After Google's ground-shaking decision to change CEOs, the company should explain soon to customers and partners how its plans for the enterprise will evolve after Larry Page takes over in April from Eric Schmidt.

Google's enterprise unit caters to an audience of CIOs, IT directors, business managers, resellers and consultants, all of whom demand clarity, consistency and long-term product road maps from their vendors and partners.

While shifts in the top management at any tech firm can be a worry for enterprise customers, the issue could be seen as a bigger one at Google, whose enterprise business contributes a tiny piece of its overall revenue.

In addition, this year Google's main enterprise product, the Google Apps suite, will face much tougher competition from various players, including Microsoft with its upcoming release of Office 365.

The enterprise unit may well rank below other priorities for Page, such as boosting Google's shaky social-networking position, pushing ahead with Android in the cutthroat mobile market, doubling-down on the upcoming Chrome OS and growing display ad revenue, not to mention retaining Google's dominance in search advertising.

"If push comes to shove and management decides to jettison less-strategic initiatives, Google Apps could be in trouble," Gartner analyst Tom Austin said via e-mail.

It doesn't help that Schmidt, a former CEO at Novell and CTO at Sun Microsystems, has much more experience and, arguably, knowledge of enterprise software than Page. Schmidt once described the enterprise unit as Google's backup plan if the bottom ever fell out of the online ad market.

"Page has less enterprise business experience. Schmidt has deeper enterprise roots. Does that mean they will back off on their enterprise investment on Google Apps? We don't know but we would be surprised if they don't raise or re-raise that question," Austin said.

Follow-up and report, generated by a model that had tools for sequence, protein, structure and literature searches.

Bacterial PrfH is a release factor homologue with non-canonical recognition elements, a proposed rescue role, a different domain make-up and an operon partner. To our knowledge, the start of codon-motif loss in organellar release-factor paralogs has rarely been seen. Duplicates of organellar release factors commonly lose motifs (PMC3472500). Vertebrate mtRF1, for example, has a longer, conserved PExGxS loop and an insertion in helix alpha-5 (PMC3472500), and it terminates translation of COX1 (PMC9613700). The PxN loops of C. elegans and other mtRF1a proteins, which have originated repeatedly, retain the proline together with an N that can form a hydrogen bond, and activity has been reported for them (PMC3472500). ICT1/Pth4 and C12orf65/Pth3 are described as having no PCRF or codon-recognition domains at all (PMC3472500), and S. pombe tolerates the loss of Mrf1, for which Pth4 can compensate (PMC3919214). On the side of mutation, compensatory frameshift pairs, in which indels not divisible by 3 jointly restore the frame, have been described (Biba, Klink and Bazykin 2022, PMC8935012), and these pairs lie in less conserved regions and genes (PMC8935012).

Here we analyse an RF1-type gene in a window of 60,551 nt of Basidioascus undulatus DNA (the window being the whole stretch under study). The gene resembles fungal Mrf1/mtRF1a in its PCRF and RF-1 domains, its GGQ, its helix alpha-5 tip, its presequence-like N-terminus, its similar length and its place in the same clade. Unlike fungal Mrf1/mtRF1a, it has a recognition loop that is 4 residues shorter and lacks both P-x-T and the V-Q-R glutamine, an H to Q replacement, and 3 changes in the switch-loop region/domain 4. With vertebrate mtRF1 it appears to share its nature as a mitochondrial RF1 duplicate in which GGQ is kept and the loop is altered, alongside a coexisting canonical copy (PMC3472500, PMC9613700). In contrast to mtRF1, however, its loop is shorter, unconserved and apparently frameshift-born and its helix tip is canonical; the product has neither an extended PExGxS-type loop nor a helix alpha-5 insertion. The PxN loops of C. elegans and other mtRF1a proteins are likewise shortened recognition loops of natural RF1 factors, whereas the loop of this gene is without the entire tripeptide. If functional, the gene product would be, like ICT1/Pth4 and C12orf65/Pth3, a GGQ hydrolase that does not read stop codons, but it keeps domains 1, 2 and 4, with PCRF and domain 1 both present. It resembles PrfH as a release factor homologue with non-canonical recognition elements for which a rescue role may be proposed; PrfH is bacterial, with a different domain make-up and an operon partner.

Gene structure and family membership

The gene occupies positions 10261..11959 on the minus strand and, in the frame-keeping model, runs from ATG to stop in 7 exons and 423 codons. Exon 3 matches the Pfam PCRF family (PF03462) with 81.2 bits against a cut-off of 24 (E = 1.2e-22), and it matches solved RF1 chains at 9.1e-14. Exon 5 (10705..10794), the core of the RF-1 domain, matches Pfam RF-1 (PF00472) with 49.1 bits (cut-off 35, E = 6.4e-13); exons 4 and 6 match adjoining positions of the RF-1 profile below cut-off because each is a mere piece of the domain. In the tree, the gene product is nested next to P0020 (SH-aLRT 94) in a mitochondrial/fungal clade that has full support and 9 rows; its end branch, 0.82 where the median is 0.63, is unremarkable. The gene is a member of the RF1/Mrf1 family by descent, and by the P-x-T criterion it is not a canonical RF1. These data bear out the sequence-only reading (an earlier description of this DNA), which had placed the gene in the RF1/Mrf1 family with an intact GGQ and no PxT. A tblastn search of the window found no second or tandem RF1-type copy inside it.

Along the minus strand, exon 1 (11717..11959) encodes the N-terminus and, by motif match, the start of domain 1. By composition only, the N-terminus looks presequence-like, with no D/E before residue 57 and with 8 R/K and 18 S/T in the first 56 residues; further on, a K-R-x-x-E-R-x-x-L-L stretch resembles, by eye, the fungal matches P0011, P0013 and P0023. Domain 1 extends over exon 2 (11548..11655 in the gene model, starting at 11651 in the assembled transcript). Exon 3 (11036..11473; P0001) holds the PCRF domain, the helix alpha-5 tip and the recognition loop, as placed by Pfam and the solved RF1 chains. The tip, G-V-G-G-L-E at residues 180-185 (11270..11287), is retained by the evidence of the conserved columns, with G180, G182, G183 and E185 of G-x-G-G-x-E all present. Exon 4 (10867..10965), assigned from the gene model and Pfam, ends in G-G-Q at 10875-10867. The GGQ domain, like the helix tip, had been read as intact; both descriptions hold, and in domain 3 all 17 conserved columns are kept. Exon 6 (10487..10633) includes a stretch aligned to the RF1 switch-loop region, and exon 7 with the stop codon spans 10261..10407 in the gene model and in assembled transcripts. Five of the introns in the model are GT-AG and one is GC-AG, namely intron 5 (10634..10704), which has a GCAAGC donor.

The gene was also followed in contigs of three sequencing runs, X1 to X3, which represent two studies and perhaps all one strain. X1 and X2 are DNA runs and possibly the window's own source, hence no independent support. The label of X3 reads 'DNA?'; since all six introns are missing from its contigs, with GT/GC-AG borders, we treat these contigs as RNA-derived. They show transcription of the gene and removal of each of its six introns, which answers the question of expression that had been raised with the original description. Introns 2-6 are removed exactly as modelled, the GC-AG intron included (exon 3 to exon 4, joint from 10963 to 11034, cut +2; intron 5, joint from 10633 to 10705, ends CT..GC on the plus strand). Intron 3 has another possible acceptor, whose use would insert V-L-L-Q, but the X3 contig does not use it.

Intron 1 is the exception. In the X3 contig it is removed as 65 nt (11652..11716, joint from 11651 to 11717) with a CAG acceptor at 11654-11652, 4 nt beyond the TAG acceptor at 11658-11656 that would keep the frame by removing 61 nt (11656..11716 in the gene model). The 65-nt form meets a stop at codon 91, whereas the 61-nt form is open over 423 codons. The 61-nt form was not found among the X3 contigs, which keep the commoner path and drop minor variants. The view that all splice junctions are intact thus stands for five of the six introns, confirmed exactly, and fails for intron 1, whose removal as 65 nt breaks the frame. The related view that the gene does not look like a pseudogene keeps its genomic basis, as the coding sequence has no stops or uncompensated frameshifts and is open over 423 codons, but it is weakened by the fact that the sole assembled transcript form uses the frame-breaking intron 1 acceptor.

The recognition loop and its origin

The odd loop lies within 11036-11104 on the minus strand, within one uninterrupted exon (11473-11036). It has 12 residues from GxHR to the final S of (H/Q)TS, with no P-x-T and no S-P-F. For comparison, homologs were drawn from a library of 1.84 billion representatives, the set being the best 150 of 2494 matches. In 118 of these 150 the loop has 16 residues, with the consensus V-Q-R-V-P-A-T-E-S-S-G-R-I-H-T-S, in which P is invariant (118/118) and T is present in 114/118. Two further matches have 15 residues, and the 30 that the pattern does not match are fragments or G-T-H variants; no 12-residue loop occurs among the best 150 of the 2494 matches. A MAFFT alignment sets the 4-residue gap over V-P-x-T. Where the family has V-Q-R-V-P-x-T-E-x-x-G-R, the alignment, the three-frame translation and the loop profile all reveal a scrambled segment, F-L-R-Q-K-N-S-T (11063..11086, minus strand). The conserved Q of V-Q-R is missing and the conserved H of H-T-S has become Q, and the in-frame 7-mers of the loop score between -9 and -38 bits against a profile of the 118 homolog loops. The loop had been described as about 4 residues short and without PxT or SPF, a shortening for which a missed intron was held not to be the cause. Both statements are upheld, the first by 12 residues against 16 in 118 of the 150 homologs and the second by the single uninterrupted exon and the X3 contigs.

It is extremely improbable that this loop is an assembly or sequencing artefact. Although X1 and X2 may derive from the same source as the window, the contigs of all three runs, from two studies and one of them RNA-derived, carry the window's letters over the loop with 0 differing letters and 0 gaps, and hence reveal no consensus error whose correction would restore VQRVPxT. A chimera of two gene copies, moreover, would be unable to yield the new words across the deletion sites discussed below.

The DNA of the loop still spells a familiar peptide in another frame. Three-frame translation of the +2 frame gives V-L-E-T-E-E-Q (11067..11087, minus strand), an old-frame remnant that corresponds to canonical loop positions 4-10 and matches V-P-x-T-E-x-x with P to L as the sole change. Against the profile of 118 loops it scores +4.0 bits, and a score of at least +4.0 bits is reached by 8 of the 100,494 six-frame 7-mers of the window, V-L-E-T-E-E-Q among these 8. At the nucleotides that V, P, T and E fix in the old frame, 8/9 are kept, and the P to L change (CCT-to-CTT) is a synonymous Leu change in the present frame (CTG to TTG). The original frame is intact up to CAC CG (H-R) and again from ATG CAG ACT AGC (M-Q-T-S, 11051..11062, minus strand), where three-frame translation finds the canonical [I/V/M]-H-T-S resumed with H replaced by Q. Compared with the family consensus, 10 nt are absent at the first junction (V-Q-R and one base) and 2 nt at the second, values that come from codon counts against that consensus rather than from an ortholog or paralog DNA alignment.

Google declined to comment at this early stage about Page's plans for the enterprise unit. However, a source familiar with the strategy said Page has always been a strong advocate for the business and expects it to remain a focus for the company and a continued area of investment.

Douglas Menefee, CIO of healthcare company The Schumacher Group, is optimistic about Page's appointment but hopes he articulates his vision for the enterprise unit quickly.

"With any senior change in an organization I have concerns on the products and service. I will be monitoring our service delivery throughout the transition," he said via e-mail.

The Schumacher Group has 2,500 users of Google Apps for Business, the paid version of the suite, as well as 3,500 users of Google's Postini message security and archiving service. In addition, the Lafayette, Louisiana-based company plans to start using Google's enterprise Search Appliance.

It gives him confidence that Google Enterprise products are in enough demand and generating enough revenue for Google that freezing investment in them would be illogical. "My hope and anticipation is that Google will continue to commit resources towards enterprise solutions," Menefee said.